By David Minsky
By Jen Mangham
By Bill Wisser
By Laine Doss
By Bill Wisser
By Dana De Greff
By Laine Doss
By Zachary Fagenson
What really got his goat was the velvet rope, once used as a crowd-control vehicle in concert halls and movie theaters, nowadays also as an exclusionary device at trendy clubs with inflated self-esteem. Other neighbors objected to the loud menagerie of haves, sorta haves, and wanna haves who, come late evening hours, attempt to negotiate their way past that velvet. But in fact, the rope doesn't tie up those with dinner reservations; it just doubles the entry process -- you have to give your name outside, then repeat it to a hostess indoors. The larger problem, at least from the perspective of a restaurant-goer, is that the clientele and ambiance are far more compelling than the cuisine.
The main section of the 120-seat open-air dining room is covered in thatched tiki-style roof, with black floor and low-lying black tables greened by mohawks of grass sprouting across the center of each. Running alongside the central tiki are a few smaller chickee huts housing one table apiece; still other tables are set up beyond the huts and under the open sky. Altogether a romantic, minimally dressed space of organic earth tones, graceful bamboo trees, and softly glowing candles, lanterns, and torches; eclectic background music floats upon the evening's balmy breezes.
The atmosphere boots up after dinner with local celebrity DJs such as Pierre Zonzon spinning the music between Buddha Bar and dancier, but not deafening decibels. I'd like to tell you more about this aspect of Grass, but I don't stay up that late. Plus I was afraid they'd reject me at the velvet rope. I did, however, take a glance at the liquor menu that comes with dinner -- bottles of Absolut vodka and Jack Daniel's at $200 and $190 apiece, and lots of other liquors for parties of partiers. The smart selection of wines is pricey too, and martinis come in the obligatory rainbow of flavors.
The cuisine of chef Pedro Duarte boasts quite a few flavors as well, most deriving from the Pacific Rim and Peru. The latter influence is recognizable in an array of ceviches. The "Merida" version, named for the Yucatecan city, was more composed than usual, the components cleanly set apart from one another. The three anemic mussels; two medium-sized shrimp; two plump, impeccably cooked scallops; and numerous nibblets of corvina, along with bits of red onion and red pepper, were marinated in a pleasingly punchy, cumin-spiked mix of coconut milk, lime juice, and cilantro. Tortilla chips, rising from the bowl like full-blown sails, are for scooping up the seafood -- which is indeed how they serve it in Merida.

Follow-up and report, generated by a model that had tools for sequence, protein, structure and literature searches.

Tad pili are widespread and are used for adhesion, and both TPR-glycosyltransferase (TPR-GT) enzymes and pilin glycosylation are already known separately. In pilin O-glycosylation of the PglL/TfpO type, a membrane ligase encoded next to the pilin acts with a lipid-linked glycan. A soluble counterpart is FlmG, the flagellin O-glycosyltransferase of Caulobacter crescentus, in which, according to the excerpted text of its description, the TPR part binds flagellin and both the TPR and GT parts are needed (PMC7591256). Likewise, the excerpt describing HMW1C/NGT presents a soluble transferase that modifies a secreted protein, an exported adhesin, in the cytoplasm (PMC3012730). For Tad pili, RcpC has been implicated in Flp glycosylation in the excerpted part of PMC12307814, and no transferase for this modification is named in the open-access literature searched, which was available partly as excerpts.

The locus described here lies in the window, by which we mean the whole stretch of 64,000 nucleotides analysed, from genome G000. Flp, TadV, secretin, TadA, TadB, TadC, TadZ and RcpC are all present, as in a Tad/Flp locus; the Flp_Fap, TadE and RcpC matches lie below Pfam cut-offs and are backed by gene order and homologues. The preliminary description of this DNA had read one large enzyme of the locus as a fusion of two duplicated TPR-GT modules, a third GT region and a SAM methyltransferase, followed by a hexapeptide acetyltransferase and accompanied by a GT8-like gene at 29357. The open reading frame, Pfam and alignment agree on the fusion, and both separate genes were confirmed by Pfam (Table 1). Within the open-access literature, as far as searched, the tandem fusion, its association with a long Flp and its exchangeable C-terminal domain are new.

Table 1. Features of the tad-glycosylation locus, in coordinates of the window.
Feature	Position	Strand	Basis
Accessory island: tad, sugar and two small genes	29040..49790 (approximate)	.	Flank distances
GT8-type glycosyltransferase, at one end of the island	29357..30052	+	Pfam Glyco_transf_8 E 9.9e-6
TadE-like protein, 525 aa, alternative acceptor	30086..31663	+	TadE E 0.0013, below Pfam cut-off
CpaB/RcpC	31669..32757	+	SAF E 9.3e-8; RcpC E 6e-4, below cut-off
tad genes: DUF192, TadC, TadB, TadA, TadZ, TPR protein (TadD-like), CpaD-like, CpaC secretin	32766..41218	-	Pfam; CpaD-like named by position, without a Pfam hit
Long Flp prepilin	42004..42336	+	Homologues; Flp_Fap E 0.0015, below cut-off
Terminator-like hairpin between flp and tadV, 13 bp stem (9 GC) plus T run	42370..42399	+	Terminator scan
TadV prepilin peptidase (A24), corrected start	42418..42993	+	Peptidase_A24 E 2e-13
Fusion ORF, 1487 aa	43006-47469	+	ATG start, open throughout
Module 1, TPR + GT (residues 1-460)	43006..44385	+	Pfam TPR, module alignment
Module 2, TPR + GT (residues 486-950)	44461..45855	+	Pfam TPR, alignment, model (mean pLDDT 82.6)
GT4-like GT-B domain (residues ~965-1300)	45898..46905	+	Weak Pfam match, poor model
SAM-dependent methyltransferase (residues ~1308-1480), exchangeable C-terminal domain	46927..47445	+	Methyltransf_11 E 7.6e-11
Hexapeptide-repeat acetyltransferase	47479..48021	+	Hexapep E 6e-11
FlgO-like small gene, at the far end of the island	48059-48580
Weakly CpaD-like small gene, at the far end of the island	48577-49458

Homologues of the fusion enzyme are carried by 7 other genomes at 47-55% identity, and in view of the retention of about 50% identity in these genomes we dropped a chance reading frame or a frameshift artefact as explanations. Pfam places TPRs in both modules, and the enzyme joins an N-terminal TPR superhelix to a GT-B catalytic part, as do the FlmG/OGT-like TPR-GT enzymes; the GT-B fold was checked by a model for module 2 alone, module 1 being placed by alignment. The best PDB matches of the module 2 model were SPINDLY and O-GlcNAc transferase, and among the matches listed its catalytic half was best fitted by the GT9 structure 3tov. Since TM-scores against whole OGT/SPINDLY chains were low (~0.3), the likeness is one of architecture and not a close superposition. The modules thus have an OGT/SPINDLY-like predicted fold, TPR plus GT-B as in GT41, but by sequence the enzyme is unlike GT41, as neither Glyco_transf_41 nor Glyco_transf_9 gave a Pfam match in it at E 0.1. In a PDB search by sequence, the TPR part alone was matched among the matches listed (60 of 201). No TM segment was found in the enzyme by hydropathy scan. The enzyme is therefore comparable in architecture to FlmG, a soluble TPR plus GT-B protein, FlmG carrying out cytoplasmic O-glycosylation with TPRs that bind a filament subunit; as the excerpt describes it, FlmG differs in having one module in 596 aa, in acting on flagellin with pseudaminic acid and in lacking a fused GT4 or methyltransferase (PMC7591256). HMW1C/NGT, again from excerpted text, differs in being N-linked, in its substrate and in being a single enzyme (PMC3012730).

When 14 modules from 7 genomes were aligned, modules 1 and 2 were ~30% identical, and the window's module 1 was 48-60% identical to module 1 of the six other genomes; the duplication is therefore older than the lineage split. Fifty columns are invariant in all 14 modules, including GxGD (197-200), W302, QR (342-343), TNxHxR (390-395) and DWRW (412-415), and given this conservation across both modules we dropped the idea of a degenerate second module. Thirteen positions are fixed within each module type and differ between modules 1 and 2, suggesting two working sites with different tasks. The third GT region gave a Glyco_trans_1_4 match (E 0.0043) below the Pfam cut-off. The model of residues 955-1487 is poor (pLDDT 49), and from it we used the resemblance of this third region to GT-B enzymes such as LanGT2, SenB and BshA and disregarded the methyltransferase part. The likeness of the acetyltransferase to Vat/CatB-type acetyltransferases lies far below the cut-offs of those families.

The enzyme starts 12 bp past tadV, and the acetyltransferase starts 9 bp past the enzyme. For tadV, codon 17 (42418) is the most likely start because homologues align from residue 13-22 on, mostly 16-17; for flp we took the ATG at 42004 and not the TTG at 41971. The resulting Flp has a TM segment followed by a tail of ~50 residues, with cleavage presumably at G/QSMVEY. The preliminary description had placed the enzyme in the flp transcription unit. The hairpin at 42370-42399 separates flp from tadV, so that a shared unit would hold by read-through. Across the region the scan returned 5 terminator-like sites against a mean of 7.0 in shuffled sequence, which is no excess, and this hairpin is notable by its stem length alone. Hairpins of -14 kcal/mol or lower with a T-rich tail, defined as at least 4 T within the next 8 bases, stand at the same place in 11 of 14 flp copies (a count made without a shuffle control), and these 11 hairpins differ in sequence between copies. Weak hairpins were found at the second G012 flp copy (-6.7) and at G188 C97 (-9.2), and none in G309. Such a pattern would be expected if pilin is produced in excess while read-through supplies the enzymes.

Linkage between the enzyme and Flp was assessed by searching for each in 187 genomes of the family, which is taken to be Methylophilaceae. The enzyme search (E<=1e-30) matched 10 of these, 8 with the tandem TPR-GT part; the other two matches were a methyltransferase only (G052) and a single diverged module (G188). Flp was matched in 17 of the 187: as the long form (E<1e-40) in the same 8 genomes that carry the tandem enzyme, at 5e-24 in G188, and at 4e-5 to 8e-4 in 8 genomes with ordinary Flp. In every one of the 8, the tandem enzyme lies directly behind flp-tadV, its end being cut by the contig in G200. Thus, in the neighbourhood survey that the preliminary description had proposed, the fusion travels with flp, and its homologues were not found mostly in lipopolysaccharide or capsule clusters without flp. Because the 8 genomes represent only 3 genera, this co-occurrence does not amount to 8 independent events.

Those tempted by fried items should lean toward the starter of popcorn shrimp, and away from Vietnamese pork "nems." The former featured crisply fried crustaceans, considerably larger than popcorn kernels, and a sweet, piquant, altogether seductive kim chee rémoulade. As for them nems, neither the menu nor our waiter correctly described the dish, which to our surprise turned out to be a trio of slightly greasy egg rolls filled with highly seasoned ground pork of the sort usually found in potstickers. A thankfully thin, vinegary version of Day-Glo orange sweet and sour sauce accompanied the one-note rolls.
Better off sticking with potstickers themselves, like gyoza filled with duck confit, or fiery lamb dumplings with a coriander, mint, and peanut pesto. Best off starting with a bowl of lemon grass coconut pumpkin soup, the three ingredients, with whispers of cinnamon and star anise, so perfectly balanced as to create a savory flavor deliciously oblivious to the individual elements.
An entrée of Thai seafood fricassee brought the ceviche cast back for an uncalled-for encore, this time in a medium-hot red curry and coconut sauce spiced according to prestated preference. A scoop of jasmine rice centered the pleasant dish, but one would have hoped for a more scintillating selection of fish, as well as more appealing vegetables than carrots and zucchini.
A medley of Oriental-style ratatouille with pineapple and chewy sweet potato gnocchi aroused more interest as the accompaniment to a hefty rectangular wedge of corvina, but the mix was too mushy, a honey citrus sauce too sweet. The white flesh of the lean, pristine corvina, also known as "weakfish" (because the weak tissue around the mouth tears easily when hooked), is imbued with mild, meaty qualities similar to Chilean sea bass. Dusted with Japanese togarashi pepper and pan-roasted golden brown, the fish was tasty enough to shine without sugar.
Chimichurri sauce is as omnipresent atop steaks in Miami as cows are atop the pampas of Argentina, but all too often it devolves into an oil-and-garlic-drenched slurry of whatever herbs are lying around the kitchen. The chimichurri at Grass doesn't stray far from the basics (just booted up a bit with basil), and offers such a fresh, pungent punch that when you taste it you wonder why anyone would ever consider using anything else on their meat. The meat in this case was a plump, juicy skirt steak that was flavorful on its own from a marination in tamari, ginger, and the spicy Peruvian ají panca pepper. A side of braised bok choy was buttery and bright, a pile of fried root chips, in my mind, merely potato chips with a pedigree.